Problems of Parenting Alone
Many of the problems that single parents have are the same as
those for two-parent families. But these problems may seem more
difficult to bear or manage when the parent is alone. For
example, all children feel some hostility toward their parents as
they try to be independent. But when the anger and rebellion are
all directed to one person, it may seem worse if there's only one
to bear it, not two to share it.
There are some special problems that single parents have which
make it difficult to raise children. These include bitterness
toward the absent parent, loneliness, poverty, and insecurity
about raising children without help. For these and other reasons,
single parents sometimes cling to their children or overindulge
them. The children may not get chances to be with other adults or
other children as much as they need to.
Despite the problems of single parenting, a one-parent family
can be good for a child if certain conditions are met. Most
important, the child needs to feel loved -both by the parent at
home and by the absent parent.
The Absent Parent
If your former spouse desires to be with the children, you
should generally encourage such opportunities, even if you have
negative feelings about your former partner. Moreover, you must
allow your children to respect and love the other parent. It is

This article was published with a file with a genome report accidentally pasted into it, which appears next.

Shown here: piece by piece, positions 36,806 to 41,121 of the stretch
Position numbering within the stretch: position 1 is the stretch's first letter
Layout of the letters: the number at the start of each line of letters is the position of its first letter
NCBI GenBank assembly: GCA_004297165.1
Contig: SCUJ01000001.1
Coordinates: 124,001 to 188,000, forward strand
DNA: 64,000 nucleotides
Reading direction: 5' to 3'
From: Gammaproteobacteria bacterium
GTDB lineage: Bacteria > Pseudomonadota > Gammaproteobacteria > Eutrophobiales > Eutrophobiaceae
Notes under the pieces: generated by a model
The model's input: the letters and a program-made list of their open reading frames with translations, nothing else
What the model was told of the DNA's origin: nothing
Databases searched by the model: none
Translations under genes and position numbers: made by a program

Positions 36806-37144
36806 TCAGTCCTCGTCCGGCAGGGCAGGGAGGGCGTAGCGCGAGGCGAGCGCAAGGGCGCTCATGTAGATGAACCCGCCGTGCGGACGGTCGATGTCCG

important not to belittle or continually battle with the other
parent. The absent parent can be given credit for the good things
he or she has done.
Beware of resenting or condemning your children because they
remind you of their other parent.
Role Models for Children
Children need role models to pattern after. Single parents
cannot be both mother and father, but they can find other adults
to serve as role models. The models show children how to become
adult men or women. Allow your child to get to know adults of
both sexes whom you like and admire. Relatives, neighbors,
friends, and teachers can set examples for children about male
and female behavior.
In addition to knowing and spending time with other men and
women, children need to see good male-female relationships. They
need to see how men and women get along together as friends or
marriage partners. Give your child opportunities to spend time
with married or other committed couples, perhaps relatives or
Examine Your Attitudes
Your attitude about the opposite sex is important, too. For
example, if a mother is bitter towards men, her son may be
reluctant to reach out to other males as role models and her
daughter may learn to hate or fear men. A father's attitudes
toward women or towards other men can have a lasting effect on
his son's or daughter's attitudes.
Whether you are single or with a partner, your own sense of
self-worth and confidence are essential if you are to be a good
parent. A good parent is emotionally stable. If your are
divorced, strive to overcome bitterness and try to keep a
wholesome relationship with your child's other parent. Examine
your motives for doing things to see if they stem from self-pity,
jealousy, blaming, or getting even. If they do, you may have to
change your attitudes so that you and your children will have a
good home and a successful life.
It's difficult being a single parent in a society like ours,
oriented towards two-parent families. Yet every day there are
more single-parent families because of death, divorce,
separation, adoptions by single people, and births to unmarried
Ronald L. Pitzer, Extension Family Life Specialist
Phone (612) 626-1212
Date: Friday, June 14, 1996 10:55 AM
Submitted by: Ronald L. Pitzer *
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